The Philomath Public Works Committee agreed to not at this time require property owners to pay for the installation of a section of sidewalk on the south side of Neabeack Hill Drive.
During a discussion that lasted close to an hour on Thursday afternoon, the committee instead directed city staff to complete a citywide inventory of unfinished sidewalks that exist on improved streets.
Kevin Fear, Pubic Works director, said he believes most sidewalks on improved streets are finished and for property owners constructing new houses on unimproved streets, they sign a non-remonstrative agreement that sidewalks will come in when the street is brought up to city code.
David Low, who sits on the City Council, brought up the Neabeack Hill Drive sidewalk issue while speaking during public comments as a private citizen. Low cited city code that sidewalks are required in such instances at the cost of the property owners.
“Many people, including my family, routinely walk up and down the hill,” Low later wrote in a Nov. 21 letter to the Public Works Committee. “Safety is a primary concern, further justifying the need for a finished sidewalk.”
A continuous sidewalk is located on the other side of the street, although Low said it can be dangerous to cross near the location of the missing sidewalk segment because of the steepness of the street and how sharply it curves.
“This continuous sidewalk that is just on the other side of the road continues the entire length of Neabeack Hill Drive as well as 30th Street, and can be accessed anywhere along this long stretch of road — no need to cross at any point one does not feel safe,” property owners Paige Olsen and Murray Stewart wrote in a letter to Public Works Director Kevin Fear.
Schneider Homes developed the subdivision and turned over its interest in common land in 2013 to the Neabeack Hill Homeowners Association. The missing sidewalk segment sits on an undeveloped section of land owned by the HOA and two property owners.
Mark Grimmer, the other private property owner connected to the unfinished segment, spoke out at Thursday’s committee meeting and brought up various other points for the committee members to consider, including slope stability issues that have occurred in the past.
“Back in 2007, these lots had permits and two foundations were put on these permits. Schneider put a whole bunch of fill dirt on there and it slid down almost all the way to 30th Street,” Grimmer said.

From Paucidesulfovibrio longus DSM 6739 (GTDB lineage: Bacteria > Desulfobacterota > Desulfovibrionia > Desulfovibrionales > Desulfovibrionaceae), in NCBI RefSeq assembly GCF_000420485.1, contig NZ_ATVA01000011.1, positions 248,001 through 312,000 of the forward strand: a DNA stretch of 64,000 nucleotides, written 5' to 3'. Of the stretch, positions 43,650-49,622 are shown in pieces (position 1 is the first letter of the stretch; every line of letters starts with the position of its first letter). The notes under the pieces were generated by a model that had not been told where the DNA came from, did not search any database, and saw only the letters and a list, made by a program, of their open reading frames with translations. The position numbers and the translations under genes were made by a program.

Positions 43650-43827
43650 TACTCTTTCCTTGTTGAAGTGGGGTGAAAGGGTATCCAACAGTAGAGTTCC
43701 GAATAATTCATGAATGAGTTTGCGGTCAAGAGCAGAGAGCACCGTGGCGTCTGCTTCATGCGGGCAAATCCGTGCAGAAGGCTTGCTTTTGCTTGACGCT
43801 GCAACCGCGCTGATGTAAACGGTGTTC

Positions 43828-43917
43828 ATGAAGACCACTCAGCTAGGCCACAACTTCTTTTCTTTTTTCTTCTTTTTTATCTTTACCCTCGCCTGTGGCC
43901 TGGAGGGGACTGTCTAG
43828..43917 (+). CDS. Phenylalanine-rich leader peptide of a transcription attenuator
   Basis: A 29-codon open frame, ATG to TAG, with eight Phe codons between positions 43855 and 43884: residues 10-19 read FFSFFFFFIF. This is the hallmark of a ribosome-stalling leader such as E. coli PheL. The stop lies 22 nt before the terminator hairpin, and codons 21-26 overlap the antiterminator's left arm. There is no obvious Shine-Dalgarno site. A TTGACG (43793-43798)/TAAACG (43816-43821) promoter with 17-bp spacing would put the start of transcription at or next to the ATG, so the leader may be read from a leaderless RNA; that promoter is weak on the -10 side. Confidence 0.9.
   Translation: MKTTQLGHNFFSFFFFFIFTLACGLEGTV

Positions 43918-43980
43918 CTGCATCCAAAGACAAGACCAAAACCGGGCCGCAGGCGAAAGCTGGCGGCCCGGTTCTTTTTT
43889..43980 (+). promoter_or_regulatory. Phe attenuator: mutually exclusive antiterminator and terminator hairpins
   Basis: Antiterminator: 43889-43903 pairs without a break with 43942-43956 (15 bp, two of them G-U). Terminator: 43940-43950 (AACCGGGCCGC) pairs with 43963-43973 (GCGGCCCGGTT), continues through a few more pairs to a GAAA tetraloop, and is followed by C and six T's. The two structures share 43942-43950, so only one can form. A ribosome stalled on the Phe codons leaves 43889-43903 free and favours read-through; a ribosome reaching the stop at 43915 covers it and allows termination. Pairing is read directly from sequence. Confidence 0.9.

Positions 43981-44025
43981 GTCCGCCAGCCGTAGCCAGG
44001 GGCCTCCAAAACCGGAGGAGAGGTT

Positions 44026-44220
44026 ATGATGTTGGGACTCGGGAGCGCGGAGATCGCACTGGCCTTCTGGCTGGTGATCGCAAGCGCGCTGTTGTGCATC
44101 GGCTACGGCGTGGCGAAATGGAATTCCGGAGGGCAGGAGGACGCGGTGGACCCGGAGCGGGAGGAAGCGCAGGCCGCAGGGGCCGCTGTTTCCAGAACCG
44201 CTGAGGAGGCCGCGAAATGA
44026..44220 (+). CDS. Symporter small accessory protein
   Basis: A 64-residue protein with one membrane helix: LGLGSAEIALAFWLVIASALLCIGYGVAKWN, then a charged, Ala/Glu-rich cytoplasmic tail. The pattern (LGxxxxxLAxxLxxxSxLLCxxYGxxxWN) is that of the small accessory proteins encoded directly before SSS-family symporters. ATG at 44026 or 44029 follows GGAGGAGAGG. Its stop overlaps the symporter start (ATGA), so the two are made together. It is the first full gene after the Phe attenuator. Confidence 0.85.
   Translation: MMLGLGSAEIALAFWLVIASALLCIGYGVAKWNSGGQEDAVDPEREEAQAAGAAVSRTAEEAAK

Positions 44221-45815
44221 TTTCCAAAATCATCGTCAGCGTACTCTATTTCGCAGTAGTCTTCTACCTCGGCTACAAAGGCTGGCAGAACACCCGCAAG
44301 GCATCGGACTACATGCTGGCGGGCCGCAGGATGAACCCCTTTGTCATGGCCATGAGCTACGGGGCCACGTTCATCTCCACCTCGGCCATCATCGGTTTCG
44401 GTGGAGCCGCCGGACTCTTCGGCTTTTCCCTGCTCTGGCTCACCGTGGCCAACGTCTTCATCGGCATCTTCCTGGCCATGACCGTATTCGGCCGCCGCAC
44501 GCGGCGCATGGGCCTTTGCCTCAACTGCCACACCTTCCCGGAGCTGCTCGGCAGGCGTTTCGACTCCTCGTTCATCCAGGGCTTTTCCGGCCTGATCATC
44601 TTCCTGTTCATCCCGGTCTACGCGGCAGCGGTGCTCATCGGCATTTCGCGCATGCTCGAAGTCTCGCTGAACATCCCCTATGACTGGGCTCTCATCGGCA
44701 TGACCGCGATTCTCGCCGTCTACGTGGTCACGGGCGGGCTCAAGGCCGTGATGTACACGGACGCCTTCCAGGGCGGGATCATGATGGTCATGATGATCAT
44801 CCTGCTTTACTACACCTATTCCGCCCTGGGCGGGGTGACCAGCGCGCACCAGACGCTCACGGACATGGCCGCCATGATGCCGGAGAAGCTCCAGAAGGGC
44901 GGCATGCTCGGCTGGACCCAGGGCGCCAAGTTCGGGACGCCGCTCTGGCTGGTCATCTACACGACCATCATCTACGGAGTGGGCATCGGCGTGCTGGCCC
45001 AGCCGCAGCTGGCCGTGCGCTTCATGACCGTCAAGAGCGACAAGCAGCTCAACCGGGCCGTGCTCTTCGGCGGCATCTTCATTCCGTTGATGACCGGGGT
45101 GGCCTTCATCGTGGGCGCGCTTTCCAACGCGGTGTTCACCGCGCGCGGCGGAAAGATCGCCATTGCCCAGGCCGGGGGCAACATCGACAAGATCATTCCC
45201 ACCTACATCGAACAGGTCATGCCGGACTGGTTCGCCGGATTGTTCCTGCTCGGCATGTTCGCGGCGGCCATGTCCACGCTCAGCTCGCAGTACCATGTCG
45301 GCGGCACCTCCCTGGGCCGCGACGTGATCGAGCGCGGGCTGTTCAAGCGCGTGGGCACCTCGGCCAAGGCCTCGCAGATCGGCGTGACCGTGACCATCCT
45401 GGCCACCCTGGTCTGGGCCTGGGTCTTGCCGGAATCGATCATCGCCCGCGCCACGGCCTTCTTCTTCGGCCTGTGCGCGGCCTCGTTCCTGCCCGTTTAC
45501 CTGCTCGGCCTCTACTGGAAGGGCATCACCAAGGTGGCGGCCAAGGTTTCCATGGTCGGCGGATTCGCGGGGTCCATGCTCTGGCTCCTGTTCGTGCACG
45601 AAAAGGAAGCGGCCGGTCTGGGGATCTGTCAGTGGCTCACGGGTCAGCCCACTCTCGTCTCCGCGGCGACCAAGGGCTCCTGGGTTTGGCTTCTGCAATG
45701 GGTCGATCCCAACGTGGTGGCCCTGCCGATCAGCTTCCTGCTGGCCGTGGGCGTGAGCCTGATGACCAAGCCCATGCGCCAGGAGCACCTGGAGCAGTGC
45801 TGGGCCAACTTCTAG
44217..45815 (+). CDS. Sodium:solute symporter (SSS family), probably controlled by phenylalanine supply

Both Grimmer and City Manager Chris Workman remembered another slide occurring at the location five or six years ago.
“If we put sidewalks in there and then this hill slides again, I mean, if I just put in thousands of dollars worth of sidewalks and if they’re ruined, do I have to put them in again?” Grimmer asked.
The HOA’s board of directors had communicated with its members about the unstable slope issue after consulting with a geotechnical engineer, according to board reports distributed in 2017 and 2019. The rising cost of dealing with the issue was at the time cited as a reason for an HOA membership due increase.
Grimmer’s next comment, however, sent the discussion in a new direction on whether or not the city should continue to look at these issues on a case-by-case, complaint-driven basis.
“If you guys choose to have me put those sidewalks in, I will absolutely abide to your decision,” Grimmer said. “But my thing is if this is complaint-driven, there’s many places that I walk around this city that don’t have sidewalks.”
Following more discussion, Workman asked the committee for its thoughts on taking a more proactive approach to the issue. Councilors Doug Edmonds and Chas Jones, and Mayor Eric Niemann sit on the committee.
“I think the idea of looking at the citywide and just coming up with a plan makes more sense to me, otherwise if we do a complaint-driven one, there may be sections of the city that will maybe never have sidewalks,” Edmonds said.
Jones brought up accessibility concerns and that that is another issue that will likely be a component of a future discussion.
Garry Black, Public Works operations supervisor, said a citywide inventory could probably be finished in two or three weeks.
The committee decided it would report back to the City Council that the Neabeack Hill Drive issue had been discussed with no action taken at this time involving the property owners and that staff received direction on how to proceed. Workman added that when staff creates an agenda item summary, the other interested parties will also receive a copy.